Each year, Reading Writers presents an award to one of its members in memory of our former secretary, Don Louth. Don devised this award himself and particularly wanted it to be presented to the member who had achieved the most significant personal success in writing over the previous year. The winner receives a silver salver for a year, engraved with their name.
The winners so far have been:
2020: Andy Bennett
2019: Rob Wickings
2018: Eloise Curtis
2017: Vera Morris
2016: Julie Roberts
2015: Steve Partridge
2014: Miranda Lloyd
2013: Hanne Larsson
2012: Julia Bohanna
2011: Josh Williams
2010: Claire Dyer
The following is a tribute to Don, written by Reading Writers Vice Chair Julie Cohen, which originally appeared on The Heroine Addicts website:
I joined my local writers’ group over ten years ago, when I decided I wanted to become a Real Writer. I remember bringing in my first chapter of my first romance novel to a critique group session, and having one of the members tell me, kindly but strictly, that having a character look into the mirror so that she could be described to the reader was a horrible, horrible cliche. (I haven’t done it again.) A letter-writing workshop led me to my first publication in the UK: a letter to a supermarket magazine about Marmite, for which I received £10. I bought a Barry Manilow CD.
It’s a varied group: until he passed away recently, we had one member who had belonged since the 1950s, and we have another member, now a university graduate, who joined when she was 14. There are men and women, and people from countries around the world. We’ve had members who write everything by hand or on a typewriter and photocopy it, and others who bring laptops or tablets to the meeting to take notes. We have poets and science fiction writers; we have memoirists and journalists; we have romance writers and children’s writers, thriller writers and literary writers. We have some members who aren’t quite sure what they want to write yet—they just have a burning desire to get the words on paper. We have some members who write every day, and some who haven’t written for years. Some of us are published, and some are not. Two of us are professional writers who rely on our writing income to live, but many more of us write for the pure joy of writing, and regard any income as a bonus.
Our secretary, Don, used to field all the enquiries for people wanting to join Reading Writers. He would tell each person who asked: ‘The only requirement to join is a love of writing. We celebrate each member’s successes, whatever they might be.’ It made, and still makes, for an egalitarian, supportive, respectful group.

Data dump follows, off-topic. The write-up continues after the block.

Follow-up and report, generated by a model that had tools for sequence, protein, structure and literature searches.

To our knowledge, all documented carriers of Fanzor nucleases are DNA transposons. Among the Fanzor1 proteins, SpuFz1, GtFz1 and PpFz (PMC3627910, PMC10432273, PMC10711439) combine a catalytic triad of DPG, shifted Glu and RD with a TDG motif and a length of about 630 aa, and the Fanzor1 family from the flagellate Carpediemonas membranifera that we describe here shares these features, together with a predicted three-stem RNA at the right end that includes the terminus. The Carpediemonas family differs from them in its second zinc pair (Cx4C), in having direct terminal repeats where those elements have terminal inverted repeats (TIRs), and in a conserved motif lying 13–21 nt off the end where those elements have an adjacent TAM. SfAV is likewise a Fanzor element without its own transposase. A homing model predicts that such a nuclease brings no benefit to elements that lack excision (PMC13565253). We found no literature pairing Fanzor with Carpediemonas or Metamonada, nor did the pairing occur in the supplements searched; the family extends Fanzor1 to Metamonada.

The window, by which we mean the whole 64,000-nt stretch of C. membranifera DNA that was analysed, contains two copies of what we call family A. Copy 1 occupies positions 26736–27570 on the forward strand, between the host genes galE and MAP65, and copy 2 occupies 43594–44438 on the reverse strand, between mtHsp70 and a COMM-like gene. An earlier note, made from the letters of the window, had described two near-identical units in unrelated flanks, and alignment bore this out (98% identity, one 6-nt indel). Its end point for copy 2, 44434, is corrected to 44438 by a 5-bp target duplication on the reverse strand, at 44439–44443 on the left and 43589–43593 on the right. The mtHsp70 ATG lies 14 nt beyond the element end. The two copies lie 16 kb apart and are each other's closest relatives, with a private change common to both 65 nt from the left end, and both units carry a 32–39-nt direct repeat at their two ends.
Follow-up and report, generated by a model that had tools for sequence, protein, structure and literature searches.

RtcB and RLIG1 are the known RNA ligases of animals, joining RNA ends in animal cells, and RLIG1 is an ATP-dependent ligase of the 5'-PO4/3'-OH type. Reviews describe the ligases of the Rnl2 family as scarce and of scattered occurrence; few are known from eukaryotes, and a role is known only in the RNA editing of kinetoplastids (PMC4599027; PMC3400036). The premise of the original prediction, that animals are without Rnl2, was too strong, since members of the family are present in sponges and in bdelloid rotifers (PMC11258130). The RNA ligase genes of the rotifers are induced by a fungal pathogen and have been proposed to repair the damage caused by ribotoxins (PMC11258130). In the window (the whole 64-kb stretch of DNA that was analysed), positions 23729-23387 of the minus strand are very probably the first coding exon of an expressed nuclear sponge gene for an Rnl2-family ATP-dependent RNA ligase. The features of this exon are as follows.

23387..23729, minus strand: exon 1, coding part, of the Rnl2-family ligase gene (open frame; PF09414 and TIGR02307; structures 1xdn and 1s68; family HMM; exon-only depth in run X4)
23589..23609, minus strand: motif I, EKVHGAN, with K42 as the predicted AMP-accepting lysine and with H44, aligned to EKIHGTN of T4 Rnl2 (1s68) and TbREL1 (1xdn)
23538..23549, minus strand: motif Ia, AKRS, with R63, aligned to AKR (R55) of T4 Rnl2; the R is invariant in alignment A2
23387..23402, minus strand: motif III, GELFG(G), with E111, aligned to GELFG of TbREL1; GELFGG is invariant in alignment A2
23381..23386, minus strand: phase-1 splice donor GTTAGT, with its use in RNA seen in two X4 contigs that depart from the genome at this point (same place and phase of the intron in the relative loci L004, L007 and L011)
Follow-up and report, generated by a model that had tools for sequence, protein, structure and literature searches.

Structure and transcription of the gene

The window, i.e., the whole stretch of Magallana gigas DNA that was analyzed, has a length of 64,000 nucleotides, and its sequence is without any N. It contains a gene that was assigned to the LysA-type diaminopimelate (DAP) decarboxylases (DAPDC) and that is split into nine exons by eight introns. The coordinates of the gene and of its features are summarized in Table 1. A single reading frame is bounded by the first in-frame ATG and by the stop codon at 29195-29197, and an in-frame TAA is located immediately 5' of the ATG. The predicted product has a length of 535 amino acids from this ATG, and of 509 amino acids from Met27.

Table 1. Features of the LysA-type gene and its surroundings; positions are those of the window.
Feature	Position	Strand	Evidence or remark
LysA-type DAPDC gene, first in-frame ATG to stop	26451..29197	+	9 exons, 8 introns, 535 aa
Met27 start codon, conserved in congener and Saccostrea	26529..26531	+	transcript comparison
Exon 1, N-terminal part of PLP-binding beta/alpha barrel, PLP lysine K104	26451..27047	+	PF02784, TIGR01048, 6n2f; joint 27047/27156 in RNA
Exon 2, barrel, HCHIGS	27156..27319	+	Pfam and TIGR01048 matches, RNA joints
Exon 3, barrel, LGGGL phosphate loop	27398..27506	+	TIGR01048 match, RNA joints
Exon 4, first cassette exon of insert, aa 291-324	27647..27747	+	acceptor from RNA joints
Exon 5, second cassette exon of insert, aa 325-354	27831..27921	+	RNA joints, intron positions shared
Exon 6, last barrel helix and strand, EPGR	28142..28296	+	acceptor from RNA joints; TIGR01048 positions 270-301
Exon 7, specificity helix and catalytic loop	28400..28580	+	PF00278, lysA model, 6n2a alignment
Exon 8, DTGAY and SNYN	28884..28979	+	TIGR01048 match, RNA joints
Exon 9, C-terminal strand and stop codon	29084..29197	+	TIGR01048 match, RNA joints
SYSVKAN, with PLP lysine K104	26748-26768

When Don was diagnosed with malignant melanoma, he made light of it. He called the radical surgery he had to have on his face to remove the tumours his ‘face lift’. He continued to bring in his stories, wonderful, gritty, humorous slices of what he called ‘the lives of low-lives’: small-time thugs, drug dealers, hookers, drunks, all with vulnerabilities and hopes. Although he’d been a copy writer for many years he’d never had any fiction published; he told me that he enjoyed sharing his stories with the group, and he felt he learned a great deal by listening to our comments and revising his work. That was enough for him.
He took me aside during the tea break at one meeting and told me that the cancer had spread to his liver. He had about six months, he said. He was getting everything ready—writing his will, planning his funeral, making provisions for his beloved wife and family. He was also still working on his stories. ‘I’d like to make a gift to Reading Writers before I go,’ he said. ‘You can use it as you like.’
Between the group and Don, we decided to create an annual award in his name, to be given to a member. But Don was vehement that it shouldn’t necessarily go to the person who was the most obviously successful in a writing career. It should go to the person who has made the most significant personal progress with their writing, whatever that success might be.
Don himself showed us what kind of personal success he meant. He kept on coming to meetings for as long as he could. He kept on writing and reading others’ work. He put aside time, in the midst of his other arrangements, in the midst of seeing his family and saying goodbye, to improve his stories and submit some of them to the group anthology we were doing. In hospice, he made jokes, told stories.
He was a writer all the way till the end.
At his funeral, we all got terribly, stinkingly drunk, because he’d told us to. Twice now, we’ve voted for the winner of the Don Louth Writers’ Award. Last night Don’s wife presented it to Don’s hand-picked successor, the current secretary, Josh.
And we remembered what being a Real Writer means.